"New England is made up of 6 of the 50 United States of America (also known as the Moognited States of ARPmerica, the land where the synthesizer was invented). These states are: Connecticut, Rhode Island, Massachusets, Vermont, Maine, and New Hampshire. The New England Synthesizer Museum is in Nashua, New Hampshire, but that's only part of how we got our name.
The Moogs were built in New York, a state just outside of New England. The ARPs were built near Boston, the Kurzweil in Waltham, the Synclavier in White River Junction, the Aries in Peabody, all cities in New England. To top it off, Wendy Carlos was born in Rhode Island. Yes, a lot of wonderful things have been created in other places in the world, but I can proudly call New England, U.S.A., my home.
"The purpose of the Museum is to keep old synthesizers of every kind running to make them available to composers and performers. There is no charge for admission and you can bring your camera, camcorder, even your DAT recorder for no charge. (We do, of course, accept donations, which are tax-deductable). I teach people how to program and play synthesizers by letting people actually sit down and play them. Some people bring their synths here for repair and/or calibration. We've also done a few modifications, like putting MIDI on a Roland CR-78 drum machine. We've even restored the great ARP 2500 at Yale University, and I recently led a graduate workshop on electronic music there."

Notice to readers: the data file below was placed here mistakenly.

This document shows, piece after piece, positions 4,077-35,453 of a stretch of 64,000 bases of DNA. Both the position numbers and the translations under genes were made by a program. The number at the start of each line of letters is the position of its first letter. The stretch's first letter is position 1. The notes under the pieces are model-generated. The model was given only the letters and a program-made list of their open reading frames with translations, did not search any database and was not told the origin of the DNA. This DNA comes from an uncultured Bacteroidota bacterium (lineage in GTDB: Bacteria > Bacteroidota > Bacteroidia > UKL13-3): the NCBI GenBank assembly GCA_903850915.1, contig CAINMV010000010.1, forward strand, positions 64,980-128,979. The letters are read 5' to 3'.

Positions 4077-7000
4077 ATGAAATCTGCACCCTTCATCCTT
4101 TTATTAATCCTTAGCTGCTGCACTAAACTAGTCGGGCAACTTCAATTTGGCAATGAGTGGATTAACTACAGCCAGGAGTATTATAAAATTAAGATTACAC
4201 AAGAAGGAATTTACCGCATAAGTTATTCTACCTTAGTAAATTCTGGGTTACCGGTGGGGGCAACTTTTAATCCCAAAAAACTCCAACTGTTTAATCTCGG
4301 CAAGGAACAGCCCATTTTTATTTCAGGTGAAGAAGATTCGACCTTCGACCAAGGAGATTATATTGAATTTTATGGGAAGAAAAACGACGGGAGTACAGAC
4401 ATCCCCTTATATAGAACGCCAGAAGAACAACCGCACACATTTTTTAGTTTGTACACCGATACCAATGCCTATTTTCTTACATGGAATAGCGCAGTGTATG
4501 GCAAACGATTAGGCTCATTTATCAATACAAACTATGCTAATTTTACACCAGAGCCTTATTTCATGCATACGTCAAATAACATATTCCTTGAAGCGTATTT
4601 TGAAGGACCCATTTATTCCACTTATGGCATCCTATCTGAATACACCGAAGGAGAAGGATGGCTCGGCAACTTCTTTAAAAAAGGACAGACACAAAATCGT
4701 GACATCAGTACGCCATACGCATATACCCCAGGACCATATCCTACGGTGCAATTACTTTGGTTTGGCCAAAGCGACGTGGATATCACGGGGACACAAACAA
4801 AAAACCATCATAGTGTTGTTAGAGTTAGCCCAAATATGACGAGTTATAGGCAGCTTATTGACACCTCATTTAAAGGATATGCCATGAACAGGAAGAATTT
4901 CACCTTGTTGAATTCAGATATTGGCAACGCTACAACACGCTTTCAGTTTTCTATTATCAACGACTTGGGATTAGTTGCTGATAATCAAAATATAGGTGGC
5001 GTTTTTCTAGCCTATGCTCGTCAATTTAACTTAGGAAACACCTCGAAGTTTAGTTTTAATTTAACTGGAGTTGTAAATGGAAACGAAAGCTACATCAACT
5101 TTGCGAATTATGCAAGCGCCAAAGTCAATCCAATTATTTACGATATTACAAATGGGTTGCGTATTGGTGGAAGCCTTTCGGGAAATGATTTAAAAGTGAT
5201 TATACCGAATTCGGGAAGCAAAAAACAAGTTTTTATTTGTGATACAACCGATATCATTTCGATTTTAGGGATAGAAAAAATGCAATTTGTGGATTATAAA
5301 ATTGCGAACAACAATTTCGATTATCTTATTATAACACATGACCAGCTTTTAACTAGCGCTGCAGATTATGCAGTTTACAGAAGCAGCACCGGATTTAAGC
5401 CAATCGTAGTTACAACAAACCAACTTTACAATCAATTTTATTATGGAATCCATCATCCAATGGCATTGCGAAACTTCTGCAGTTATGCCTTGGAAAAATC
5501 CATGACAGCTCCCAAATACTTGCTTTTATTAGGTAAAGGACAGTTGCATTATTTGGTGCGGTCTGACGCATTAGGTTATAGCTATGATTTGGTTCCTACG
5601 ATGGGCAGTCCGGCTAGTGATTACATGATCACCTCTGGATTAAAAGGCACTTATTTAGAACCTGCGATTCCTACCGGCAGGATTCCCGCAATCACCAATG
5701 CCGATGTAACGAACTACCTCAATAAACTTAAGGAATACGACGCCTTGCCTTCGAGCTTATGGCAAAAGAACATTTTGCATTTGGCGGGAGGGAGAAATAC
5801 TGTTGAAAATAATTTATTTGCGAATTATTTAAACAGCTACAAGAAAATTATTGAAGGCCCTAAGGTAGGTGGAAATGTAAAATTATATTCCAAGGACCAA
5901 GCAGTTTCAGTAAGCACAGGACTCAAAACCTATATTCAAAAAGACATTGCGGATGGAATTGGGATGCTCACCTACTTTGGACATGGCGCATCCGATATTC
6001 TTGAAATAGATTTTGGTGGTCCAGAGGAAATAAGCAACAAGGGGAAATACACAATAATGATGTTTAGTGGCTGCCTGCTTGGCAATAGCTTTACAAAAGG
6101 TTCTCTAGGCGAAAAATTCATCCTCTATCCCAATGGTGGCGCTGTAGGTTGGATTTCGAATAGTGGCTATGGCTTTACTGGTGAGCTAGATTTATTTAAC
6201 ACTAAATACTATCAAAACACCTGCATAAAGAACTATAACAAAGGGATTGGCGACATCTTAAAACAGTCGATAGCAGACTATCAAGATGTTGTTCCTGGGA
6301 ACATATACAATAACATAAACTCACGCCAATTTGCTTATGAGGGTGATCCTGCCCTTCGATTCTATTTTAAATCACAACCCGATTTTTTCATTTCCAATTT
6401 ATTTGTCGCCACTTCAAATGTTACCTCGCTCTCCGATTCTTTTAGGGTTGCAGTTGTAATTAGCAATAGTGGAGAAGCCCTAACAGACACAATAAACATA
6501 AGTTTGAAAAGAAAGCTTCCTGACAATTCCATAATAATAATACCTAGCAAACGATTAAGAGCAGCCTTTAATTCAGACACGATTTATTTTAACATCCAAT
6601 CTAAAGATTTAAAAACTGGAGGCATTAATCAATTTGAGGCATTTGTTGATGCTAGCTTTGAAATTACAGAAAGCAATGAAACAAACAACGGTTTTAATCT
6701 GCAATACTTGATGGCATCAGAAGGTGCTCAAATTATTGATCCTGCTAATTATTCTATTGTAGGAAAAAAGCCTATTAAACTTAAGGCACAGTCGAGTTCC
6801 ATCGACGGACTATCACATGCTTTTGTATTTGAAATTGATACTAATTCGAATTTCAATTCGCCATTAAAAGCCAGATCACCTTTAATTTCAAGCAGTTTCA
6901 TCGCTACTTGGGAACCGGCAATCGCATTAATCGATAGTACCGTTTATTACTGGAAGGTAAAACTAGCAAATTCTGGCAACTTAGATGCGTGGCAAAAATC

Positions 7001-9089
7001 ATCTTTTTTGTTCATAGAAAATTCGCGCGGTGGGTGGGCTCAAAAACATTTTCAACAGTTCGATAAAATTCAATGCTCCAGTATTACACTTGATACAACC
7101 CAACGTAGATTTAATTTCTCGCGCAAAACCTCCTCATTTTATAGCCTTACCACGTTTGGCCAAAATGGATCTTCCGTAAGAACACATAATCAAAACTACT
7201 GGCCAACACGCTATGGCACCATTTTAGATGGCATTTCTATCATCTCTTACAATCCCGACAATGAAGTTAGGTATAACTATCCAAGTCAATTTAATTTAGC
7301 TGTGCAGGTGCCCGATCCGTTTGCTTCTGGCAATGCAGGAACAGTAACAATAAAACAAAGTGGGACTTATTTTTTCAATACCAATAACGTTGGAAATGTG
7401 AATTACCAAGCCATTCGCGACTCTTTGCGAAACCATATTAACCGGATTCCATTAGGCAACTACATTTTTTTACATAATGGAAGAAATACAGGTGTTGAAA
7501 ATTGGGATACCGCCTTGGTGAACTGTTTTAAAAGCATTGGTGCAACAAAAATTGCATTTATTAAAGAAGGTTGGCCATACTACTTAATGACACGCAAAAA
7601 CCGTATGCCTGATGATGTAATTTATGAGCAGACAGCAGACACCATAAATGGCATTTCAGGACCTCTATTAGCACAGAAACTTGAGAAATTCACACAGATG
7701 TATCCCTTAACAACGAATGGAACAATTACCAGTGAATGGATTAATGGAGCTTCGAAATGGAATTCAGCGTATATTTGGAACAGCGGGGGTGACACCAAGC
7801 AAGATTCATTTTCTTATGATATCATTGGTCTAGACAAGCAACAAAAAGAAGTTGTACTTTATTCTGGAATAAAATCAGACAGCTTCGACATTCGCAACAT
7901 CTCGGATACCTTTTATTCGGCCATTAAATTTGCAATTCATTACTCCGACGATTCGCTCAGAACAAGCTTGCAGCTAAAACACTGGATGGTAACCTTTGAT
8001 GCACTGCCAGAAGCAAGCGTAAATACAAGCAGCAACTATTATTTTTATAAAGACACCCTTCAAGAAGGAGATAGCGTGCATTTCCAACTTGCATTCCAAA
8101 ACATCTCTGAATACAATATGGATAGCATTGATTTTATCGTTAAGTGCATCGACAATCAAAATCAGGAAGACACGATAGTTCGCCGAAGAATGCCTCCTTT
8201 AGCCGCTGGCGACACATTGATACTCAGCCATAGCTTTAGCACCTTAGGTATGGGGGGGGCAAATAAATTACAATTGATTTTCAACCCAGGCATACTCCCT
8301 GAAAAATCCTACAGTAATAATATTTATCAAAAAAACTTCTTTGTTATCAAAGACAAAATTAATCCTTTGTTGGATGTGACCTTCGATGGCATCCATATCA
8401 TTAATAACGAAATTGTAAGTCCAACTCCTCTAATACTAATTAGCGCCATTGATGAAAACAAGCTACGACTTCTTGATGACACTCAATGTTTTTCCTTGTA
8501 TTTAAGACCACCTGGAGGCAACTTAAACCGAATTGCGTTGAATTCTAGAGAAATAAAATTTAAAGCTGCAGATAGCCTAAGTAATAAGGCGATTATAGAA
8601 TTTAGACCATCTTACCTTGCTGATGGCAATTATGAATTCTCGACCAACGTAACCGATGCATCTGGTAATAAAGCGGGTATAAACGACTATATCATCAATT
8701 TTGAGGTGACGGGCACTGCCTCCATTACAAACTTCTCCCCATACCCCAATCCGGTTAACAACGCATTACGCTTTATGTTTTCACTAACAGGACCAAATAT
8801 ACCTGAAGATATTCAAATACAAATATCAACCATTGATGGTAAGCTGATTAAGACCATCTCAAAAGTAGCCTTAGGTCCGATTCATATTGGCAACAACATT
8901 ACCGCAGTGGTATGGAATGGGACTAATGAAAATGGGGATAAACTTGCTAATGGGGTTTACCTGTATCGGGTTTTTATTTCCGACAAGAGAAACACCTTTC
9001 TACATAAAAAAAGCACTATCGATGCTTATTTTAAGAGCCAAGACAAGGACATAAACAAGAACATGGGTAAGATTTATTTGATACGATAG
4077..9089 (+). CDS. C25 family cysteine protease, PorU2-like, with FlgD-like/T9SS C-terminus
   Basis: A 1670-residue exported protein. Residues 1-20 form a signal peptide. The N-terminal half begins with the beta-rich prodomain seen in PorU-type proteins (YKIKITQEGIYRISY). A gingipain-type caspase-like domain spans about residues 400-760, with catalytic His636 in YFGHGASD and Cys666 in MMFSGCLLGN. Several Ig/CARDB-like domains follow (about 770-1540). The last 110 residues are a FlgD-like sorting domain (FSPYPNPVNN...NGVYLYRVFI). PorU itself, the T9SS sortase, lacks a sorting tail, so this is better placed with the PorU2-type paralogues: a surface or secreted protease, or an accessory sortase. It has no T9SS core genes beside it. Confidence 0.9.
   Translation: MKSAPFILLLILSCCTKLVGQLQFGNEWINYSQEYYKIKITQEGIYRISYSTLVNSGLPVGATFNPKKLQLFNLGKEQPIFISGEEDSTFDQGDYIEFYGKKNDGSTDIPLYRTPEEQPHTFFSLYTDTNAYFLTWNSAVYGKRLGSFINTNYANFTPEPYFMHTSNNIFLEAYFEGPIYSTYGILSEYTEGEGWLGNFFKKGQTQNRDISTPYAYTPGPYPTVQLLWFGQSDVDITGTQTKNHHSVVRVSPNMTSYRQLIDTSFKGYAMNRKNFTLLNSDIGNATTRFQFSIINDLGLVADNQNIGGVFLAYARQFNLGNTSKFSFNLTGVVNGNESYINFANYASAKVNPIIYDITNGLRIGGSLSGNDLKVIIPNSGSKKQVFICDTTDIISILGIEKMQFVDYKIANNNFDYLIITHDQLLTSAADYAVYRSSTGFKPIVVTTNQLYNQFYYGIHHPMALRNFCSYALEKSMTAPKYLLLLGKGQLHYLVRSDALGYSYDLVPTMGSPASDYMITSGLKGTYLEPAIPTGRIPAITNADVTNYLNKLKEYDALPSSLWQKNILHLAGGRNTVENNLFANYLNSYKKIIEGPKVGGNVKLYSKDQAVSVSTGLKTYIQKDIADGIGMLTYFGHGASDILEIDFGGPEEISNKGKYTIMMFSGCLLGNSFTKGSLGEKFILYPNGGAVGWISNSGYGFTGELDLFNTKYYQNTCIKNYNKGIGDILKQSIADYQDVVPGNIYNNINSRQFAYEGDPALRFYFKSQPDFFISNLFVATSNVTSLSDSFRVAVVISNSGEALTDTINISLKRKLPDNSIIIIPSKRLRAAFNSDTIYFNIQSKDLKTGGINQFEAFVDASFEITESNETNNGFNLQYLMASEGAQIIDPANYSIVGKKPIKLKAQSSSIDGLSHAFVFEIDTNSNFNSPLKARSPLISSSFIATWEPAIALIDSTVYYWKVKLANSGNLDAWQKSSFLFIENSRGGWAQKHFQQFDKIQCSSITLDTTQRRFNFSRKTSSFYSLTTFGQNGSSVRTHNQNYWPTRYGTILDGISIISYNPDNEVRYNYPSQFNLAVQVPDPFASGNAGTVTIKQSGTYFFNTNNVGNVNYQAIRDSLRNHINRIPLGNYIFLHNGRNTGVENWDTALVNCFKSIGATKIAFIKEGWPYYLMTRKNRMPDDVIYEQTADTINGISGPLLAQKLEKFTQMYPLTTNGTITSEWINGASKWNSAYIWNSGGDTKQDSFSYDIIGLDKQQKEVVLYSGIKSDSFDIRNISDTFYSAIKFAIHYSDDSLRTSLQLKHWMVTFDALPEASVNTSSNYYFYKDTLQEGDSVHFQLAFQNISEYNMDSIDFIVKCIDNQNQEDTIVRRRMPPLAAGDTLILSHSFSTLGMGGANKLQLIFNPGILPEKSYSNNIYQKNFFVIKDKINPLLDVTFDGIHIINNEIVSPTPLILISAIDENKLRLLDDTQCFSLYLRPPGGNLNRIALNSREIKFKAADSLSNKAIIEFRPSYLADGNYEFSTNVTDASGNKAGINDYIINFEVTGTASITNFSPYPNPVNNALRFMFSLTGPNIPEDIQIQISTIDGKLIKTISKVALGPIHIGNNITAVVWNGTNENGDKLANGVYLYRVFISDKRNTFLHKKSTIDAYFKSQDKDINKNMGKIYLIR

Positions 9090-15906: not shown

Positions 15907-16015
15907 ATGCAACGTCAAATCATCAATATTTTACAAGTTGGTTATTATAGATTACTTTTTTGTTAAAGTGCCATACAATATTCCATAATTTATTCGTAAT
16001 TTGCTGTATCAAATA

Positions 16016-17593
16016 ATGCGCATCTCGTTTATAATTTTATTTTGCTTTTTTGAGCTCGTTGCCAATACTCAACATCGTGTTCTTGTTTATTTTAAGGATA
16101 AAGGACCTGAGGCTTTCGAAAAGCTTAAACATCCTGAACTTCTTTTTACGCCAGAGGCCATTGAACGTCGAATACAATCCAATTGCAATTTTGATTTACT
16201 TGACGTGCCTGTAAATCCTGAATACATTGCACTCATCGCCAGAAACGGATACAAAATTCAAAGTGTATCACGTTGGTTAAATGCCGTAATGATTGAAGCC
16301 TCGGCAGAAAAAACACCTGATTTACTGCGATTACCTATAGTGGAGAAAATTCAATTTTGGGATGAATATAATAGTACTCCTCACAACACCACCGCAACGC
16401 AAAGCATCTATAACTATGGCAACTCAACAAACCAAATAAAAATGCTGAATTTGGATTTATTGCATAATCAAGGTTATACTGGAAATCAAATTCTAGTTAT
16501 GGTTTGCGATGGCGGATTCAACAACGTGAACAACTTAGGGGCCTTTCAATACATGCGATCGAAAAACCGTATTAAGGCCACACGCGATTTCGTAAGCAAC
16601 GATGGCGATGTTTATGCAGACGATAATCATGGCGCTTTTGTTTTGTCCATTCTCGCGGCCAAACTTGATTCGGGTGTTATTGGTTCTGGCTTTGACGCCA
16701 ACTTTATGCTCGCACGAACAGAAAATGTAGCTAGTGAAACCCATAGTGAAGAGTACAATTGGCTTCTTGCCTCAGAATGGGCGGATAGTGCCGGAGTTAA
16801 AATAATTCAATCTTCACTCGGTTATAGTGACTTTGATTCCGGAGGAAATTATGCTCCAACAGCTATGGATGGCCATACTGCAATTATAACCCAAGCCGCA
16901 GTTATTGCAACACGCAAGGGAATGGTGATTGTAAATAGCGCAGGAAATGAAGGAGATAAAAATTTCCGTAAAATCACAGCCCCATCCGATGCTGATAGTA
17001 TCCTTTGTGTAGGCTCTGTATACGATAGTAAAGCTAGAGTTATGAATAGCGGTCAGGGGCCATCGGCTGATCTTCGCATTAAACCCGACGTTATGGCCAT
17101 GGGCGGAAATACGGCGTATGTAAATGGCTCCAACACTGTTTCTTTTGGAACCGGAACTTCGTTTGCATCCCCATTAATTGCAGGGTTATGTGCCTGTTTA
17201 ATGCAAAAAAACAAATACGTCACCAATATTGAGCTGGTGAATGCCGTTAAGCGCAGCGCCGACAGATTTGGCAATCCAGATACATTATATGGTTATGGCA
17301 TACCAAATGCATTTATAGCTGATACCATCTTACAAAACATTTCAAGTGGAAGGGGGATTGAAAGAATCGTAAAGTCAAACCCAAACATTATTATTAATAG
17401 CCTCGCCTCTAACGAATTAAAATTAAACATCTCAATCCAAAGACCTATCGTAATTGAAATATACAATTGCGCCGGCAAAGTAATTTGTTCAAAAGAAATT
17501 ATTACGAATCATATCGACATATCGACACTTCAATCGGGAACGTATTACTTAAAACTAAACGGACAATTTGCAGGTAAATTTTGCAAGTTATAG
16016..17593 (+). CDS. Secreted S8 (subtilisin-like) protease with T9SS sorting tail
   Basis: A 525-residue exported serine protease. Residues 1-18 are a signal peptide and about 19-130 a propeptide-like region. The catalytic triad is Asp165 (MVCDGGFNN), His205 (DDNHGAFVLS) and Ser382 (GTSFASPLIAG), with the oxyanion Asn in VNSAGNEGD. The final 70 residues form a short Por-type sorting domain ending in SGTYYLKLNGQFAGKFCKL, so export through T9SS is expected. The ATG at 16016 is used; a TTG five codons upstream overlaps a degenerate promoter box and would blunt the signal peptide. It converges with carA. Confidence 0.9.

Visit the New England Synthesizer Museum
The New England Synthesizer Museum is located in Nashua, New Hampshire, a 30 minute drive north of Boston, Massachusetts. If you want to visit the Museum, you need to make an appointment. Call Curator Dave Wilson at 603-881-8587 or email [email protected].